Talking About Women’s History Month: Three Questions and an Answer with Cathy Curtis

I’m pleased to start off this year’s Women’s History Month series with Three Questions and an Answer with biographer Cathy Curtis.

Cathy is a former Los Angeles Times staff writer with degrees from Smith College and the University of California, Berkeley. She is the author of three recent biographies of twentieth-century artists—Restless Ambition: Grace Hartigan, Painter; A Generous Vision: The Creative Life of Elaine de Kooning; and Alive Still: Nell Blaine, American Painter—all published by Oxford University Press. Curtis also has written A Splendid Intelligence: The Life of Elizabeth Hardwick (W. W. Norton), and Edna O’Brien: The Passionate Life of a Fearless Irish Writer (forthcoming).

Take it away Cathy!

How do you choose subjects for your biographies? 

I look for an artist or writer whose work I admire, who led an eventful life, and who has an archive that is open for researchers. By now, having written five biographies (the fifth is still in manuscript), I’ve learned that the most important components of an archive for my purposes are the subject’s journals and letters (written and received), followed by newspaper and magazine interviews. Of course, I also look for letters from my subject in the archives of the people to whom she wrote.

One of the questions I’m fascinated with right now is how biographers name their subjects, particularly when writing about a woman.  Where do you stand on the first name/last name question in your books?

I am not an academic, which perhaps explains why I was surprised to discover the existence of the first name vs. last name issue. I use my subject’s first name freely because I have “lived” with her every day while researching and writing my books. Employing the last name strikes me as the sign of an impersonal, arm’s-length relationship with a subject, better suited to a book with a theoretical or critical approach than to an intimate biography. The notion that first-name references are somehow demeaning to a subject (whether male or female) strikes me as ridiculous. My respect for my subjects is clear from the context of the book.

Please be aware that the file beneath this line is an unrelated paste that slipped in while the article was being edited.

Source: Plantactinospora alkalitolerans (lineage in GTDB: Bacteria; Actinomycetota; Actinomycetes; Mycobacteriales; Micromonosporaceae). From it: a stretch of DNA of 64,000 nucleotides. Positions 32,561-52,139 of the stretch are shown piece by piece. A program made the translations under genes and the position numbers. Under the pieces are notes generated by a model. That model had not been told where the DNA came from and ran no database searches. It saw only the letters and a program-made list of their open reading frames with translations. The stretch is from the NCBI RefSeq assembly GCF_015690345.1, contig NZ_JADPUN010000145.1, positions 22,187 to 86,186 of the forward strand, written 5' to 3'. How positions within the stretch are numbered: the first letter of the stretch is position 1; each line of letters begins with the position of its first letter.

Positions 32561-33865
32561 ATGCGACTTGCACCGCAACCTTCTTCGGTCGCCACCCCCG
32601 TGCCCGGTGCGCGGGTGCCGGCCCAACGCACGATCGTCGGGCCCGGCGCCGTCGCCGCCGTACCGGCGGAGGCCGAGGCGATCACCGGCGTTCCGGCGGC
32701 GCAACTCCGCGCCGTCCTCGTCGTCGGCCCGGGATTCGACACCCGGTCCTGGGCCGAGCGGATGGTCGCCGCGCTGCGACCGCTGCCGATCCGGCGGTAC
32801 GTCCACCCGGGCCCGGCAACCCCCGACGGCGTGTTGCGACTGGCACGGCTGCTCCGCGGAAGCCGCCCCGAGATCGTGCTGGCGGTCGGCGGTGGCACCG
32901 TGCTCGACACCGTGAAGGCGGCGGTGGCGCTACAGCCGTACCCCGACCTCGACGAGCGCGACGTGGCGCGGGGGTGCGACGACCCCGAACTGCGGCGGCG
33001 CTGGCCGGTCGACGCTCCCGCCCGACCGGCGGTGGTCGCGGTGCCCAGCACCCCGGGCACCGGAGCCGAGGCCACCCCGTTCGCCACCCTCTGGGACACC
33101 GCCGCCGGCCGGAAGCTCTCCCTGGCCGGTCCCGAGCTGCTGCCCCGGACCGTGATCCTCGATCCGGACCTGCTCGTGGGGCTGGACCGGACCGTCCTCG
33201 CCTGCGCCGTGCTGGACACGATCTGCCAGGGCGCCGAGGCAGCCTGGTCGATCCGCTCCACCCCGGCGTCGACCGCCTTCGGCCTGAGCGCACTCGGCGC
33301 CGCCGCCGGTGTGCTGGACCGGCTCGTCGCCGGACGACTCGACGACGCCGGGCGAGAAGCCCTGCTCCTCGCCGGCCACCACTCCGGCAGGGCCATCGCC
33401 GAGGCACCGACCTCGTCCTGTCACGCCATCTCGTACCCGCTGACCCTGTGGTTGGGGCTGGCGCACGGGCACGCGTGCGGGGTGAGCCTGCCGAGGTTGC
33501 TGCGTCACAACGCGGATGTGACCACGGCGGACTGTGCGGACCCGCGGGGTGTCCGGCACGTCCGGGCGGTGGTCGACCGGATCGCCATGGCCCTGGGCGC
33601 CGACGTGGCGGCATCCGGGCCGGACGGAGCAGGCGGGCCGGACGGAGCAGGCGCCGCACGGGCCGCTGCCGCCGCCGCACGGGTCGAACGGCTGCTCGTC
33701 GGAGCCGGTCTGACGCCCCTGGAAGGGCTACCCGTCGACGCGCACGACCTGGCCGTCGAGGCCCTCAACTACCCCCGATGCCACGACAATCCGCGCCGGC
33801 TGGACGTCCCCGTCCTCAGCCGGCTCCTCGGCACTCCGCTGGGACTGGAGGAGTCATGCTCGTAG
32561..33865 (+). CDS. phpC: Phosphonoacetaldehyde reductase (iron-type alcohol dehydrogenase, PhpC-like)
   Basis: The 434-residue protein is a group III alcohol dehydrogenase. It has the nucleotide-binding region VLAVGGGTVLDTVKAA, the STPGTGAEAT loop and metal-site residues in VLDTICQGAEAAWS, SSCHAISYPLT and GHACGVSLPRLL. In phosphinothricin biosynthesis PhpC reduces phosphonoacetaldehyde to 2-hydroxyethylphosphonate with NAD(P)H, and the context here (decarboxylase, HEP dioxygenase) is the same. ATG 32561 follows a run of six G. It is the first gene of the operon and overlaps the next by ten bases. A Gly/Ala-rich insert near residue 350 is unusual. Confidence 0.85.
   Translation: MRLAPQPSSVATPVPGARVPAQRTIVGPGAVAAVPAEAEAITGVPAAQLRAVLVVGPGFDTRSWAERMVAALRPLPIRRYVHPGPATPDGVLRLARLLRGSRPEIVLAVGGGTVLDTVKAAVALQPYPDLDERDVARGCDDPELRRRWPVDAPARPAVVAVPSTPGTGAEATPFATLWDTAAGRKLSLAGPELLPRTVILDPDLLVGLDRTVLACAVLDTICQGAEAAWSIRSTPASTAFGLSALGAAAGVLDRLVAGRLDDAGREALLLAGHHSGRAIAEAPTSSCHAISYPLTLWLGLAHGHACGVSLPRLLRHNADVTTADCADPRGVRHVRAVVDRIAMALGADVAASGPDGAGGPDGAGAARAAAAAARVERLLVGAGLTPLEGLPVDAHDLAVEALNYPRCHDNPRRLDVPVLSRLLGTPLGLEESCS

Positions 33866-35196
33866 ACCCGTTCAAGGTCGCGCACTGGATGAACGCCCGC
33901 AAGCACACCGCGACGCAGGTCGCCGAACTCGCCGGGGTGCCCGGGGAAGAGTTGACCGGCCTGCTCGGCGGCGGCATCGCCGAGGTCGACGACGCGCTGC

You’ve written about a number of interesting women.  Do you have a favorite?

My favorite subject tends to be the last one I’ve written about, in this case, the great Irish author Edna O’Brien. But each of my subjects have endeared themselves to me in a different way, often by means of overcoming a significant obstacle.

Grace Hartigan, who never attended art school, struggled to master the painting medium, ultimately developing a memorable abstract style. Elaine de Kooning found her niche in a painting genre (portraiture) that her famous husband, Willem de Kooning, had largely abandoned in favor of abstraction. The painter Nell Blaine prevailed against enormous odds after becoming a paraplegic in her late thirties, by simplifying her canvases and loosening her technique. The author Elizabeth Hardwick kept writing her deeply considered essays despite the ongoing stress of coping with the mental illness of her celebrated husband, the poet Robert Lowell.

By the way, I was intrigued to discover that none of these women were outspoken feminists: they all viewed themselves essentially as independent agents. Women artists who managed to carve out careers in the 1950s tended to believe that superior work would triumph, so there was no need to give women a special break. For Elizabeth Hardwick, great art always trumped ideology; she disparaged the novels of feminist writers that were poorly written. She also believed that women’s great strength is fortitude, a quality that allows them to carry on in the face of disappointment and hardship.

A question from Cathy: What overlooked woman from the past would YOU like to read about in a biography, and why?

A once famous and now largely forgotten artist/writer named Rose O’Neill (1874-1944). She was the creator of the Kewpie doll, based on her cartoons with the same character, and the first person to license characters of her own creation on an international scale.  (Think of her as a predecessor to Walt Disney in some ways.)  She was famous, productive, and connected to lots of famous artists.  She was active in the suffrage movement–and made pro-suffrage Kewpie cartoons. She became rich thanks to her work, and died in poverty.  I was exploring the possibility of a book when my current subject, Sigrid Schultz, grabbed me by the lapels and said “My turn!”

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Want to know more about Cathy Curtis and her work? Check out her website:

Come back tomorrow for three questions and an answer with attorney and author Nancy Kopp, talking about her work on the first woman attorney in Wisconsin. Good stuff!

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